Eat healthy OR die filthy!  

Posted by Ketan Kulkarni

Working on the ‘eat healthy or die filthy’ project was quite a healthy learning experience for me. Starting the project, brainstorming the ideas and coming up with an exiting one was a tedious exercise. But when the discussions started, we went on discussing about the current issues humans are facing and what could we work as a research team to help people.

The title ‘Eat healthy or Die filthy’ was an abrupt idea from our team while thinking about the topic. This was when I was discussing about a program, which I saw, on BBC, named, ‘Freaky eaters’. Further discussing about the title, I thought from my personal observation that, hearing the name ‘Freaky eaters’ provoked me to watch the show on the BBC channel. So we decided to keep the title bold and catchy. I also watched a program ‘super slim vs. super skinny’ on channel 4, which influenced me for thinking about the issue of poor eating diets. Watching unrelated documentaries, a couple of months back, on the TV proved useful. I feel so because, I had seen them while having my meals and they became useful information and a motivational kick for our project.

We all are from different cultural backgrounds, like, David is from the UK, Ahmed is from Saudi Arabia, Jegan from Srilanka and I am from India. This proved useful for us as we shared useful information regarding the food traditions, rituals and festivals in our respective countries. We came up with the issue of obesity in children, especially, the nursery children. Jegan, Ahmed and I explained the traditions and our experiences in Srilanka, Saudi Arabia and India, which we observed. We discussed about the growing hype of burgers and pizzas in the east and south Asian countries. We watched a couple of videos, on Youtube, of obese people. We also referred different articles on the Internet related to the increasing problem of poor diet in the nurseries. Dividing the work of literature research in four of us made it easier and quicker way of gathering more information within a short span.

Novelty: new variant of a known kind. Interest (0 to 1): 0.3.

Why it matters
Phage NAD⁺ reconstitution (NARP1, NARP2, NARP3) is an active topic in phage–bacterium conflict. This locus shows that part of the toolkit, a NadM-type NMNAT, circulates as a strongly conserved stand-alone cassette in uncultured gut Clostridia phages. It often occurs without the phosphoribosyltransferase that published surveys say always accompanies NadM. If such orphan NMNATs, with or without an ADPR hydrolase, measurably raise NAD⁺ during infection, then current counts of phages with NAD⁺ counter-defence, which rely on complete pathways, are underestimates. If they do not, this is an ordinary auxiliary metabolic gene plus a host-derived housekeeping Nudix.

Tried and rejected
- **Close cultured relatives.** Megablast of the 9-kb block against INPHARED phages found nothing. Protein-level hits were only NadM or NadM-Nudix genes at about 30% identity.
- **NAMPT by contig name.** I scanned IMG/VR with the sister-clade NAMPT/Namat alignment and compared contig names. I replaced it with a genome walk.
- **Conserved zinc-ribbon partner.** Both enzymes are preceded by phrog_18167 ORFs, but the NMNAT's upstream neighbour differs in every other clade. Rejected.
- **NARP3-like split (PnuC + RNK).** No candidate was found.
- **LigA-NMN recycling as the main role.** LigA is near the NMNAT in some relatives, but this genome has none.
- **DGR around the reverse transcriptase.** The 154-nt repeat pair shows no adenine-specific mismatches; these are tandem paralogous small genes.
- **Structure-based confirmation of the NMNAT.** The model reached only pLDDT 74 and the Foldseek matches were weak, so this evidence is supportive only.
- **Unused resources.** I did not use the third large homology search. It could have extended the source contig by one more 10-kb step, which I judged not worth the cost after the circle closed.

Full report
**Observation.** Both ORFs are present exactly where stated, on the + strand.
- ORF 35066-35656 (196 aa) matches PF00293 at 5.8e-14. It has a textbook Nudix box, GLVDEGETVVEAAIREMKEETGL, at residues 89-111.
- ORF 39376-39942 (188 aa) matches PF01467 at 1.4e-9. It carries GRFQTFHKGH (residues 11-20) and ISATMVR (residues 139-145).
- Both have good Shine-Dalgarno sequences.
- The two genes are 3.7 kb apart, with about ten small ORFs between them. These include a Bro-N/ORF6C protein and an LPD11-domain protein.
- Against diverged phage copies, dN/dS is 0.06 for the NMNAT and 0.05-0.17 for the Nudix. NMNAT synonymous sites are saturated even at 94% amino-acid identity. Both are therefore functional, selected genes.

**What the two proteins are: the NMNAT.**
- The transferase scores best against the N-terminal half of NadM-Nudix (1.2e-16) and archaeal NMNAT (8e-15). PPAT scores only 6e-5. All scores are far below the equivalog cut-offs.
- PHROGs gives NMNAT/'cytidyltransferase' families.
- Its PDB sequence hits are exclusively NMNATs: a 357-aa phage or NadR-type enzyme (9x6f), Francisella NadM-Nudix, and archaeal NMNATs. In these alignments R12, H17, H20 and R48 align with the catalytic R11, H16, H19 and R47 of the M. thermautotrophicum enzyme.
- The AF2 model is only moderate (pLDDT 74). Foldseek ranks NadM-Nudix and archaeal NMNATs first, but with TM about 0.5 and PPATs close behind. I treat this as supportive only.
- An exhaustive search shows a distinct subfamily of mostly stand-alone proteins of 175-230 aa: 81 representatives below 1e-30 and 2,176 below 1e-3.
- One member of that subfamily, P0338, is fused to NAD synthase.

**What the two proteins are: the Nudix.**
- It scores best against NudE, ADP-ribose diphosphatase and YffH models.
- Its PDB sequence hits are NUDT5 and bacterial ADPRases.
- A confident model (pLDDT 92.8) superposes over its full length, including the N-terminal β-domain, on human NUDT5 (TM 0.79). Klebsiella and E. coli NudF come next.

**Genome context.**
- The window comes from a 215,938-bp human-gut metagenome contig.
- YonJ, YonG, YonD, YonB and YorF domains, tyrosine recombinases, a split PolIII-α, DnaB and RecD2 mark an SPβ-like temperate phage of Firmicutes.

Initially the ideas weren’t substantial but after searching for literature over the Internet and consequent discussions with Dr. Catriona MacAulay, we finalised a subject for concentration. We were now working on a research proposal about what factors are responsible for the poor diet of the nursery children. Again, each of us, being from different cultural background, discussed the scenario of the factors responsible for obesity in each country, such as, I discussed that, India was a country of villages and farmers. Eating more oily and fatty food was useful for the farmers working on the fields in earlier days, but currently the diet remains the same although the lifestyles have changed. People have started working in IT companies. The jobs they perform mostly comprise of sitting at one place for long hours, which is the prime reason for increasing obesity and related diseases. David and Dr. Catriona explained how the invention of heaters, in early 70s, decreased the burning of calories due to cold, which resulted in increase of obesity in Britain. We discussed about the difference in our childhoods, when we were in nurseries, and the situation right now.

Considering the exchange of Ideas and experiences discussed by us I feel that, brainstorming is a greatest exercise I have learnt by working on the earlier semester’s project and this one. Earlier, I was completely concentrating on individual work after a brief given by the client to work on a design.